We climb back out of the creek bed, the steep wooden stairway turns a few times before we reach the top of the chasm. The area where the platform was located is now fenced off with warning signs about the cliff edge. But it looks like the curious will never take heed, there’s a well worn track around the end of the fence.
It’s a long haul back to the top of the ridge and unbeknownst to either of us we both carry a specially selected stone in our pocket.
I’m glad that the walk is still available, it would have been such a shame to have closed the track for good. Some might think it’s a little morbid but in reality it’s a stunningly beautiful spot and a place where you can take a minute or two to reflect on life and what might have been for fourteen young adults. And while there is no way on earth that they should have died like they did, it must be of some comfort for their loved ones to know that they passed on in such beautiful surroundings.
It is mostly because of this terrible tragedy that we now have so many (some would say too many) DOC signs warning us about the imminent dangers of a particular attraction or walk.
The Cave Creek disaster had a significant impact on New Zealand, 14 people lost their lives in an accident that could have easily been prevented. Although it was a tragedy, the legacy of the students who died and the Conservation Officer still remains and is significant to society today. The Cave Creek disaster was a pivotal point of change for New Zealand. Before this disaster, the Department of Conservation was very blasé about their responsibility to provide safe tracks and structures in parks throughout New Zealand. The Government also overlooked the department when allocated funding before the disaster. This all changed on April 28th 1995. It was only then that these weaknesses were addressed and the country could begin the process of change.- The Cave Creek Platform Disaster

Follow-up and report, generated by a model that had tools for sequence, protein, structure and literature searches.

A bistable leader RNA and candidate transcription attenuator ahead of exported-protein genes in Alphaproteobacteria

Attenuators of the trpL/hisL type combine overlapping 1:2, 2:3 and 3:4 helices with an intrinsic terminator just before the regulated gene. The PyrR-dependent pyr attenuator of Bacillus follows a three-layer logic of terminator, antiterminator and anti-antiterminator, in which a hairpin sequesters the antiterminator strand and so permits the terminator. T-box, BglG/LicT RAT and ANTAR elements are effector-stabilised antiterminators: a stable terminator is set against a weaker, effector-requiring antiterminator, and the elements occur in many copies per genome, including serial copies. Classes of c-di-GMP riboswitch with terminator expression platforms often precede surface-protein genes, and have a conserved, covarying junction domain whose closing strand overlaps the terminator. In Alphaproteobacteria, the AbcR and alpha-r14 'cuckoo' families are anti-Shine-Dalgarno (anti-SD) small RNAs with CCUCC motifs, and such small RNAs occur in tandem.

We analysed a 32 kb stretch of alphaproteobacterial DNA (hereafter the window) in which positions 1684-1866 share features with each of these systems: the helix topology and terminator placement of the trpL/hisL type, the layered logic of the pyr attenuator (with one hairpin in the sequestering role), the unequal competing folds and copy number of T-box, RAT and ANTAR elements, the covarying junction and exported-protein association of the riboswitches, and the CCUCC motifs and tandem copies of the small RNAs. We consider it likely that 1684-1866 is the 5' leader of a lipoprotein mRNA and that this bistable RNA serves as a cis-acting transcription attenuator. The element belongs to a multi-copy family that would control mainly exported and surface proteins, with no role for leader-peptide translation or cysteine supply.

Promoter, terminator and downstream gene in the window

Footnote- just a few weeks ago, I listened to the farming programme on the National Radio, they were interviewing the Stuart family who own Cable Bay Station outside Nelson, the farm that the Cable Bay walking track passes through. Which they instigated and maintain. You might remember we visited Cable Bay but the track was closed for lambing. The family have planted a native bush grove in a small valley near the track and on the coast overlooking Tasman Bay. It is dedicated to their son, Evan Stuart. Who lost his life at Cave Creek.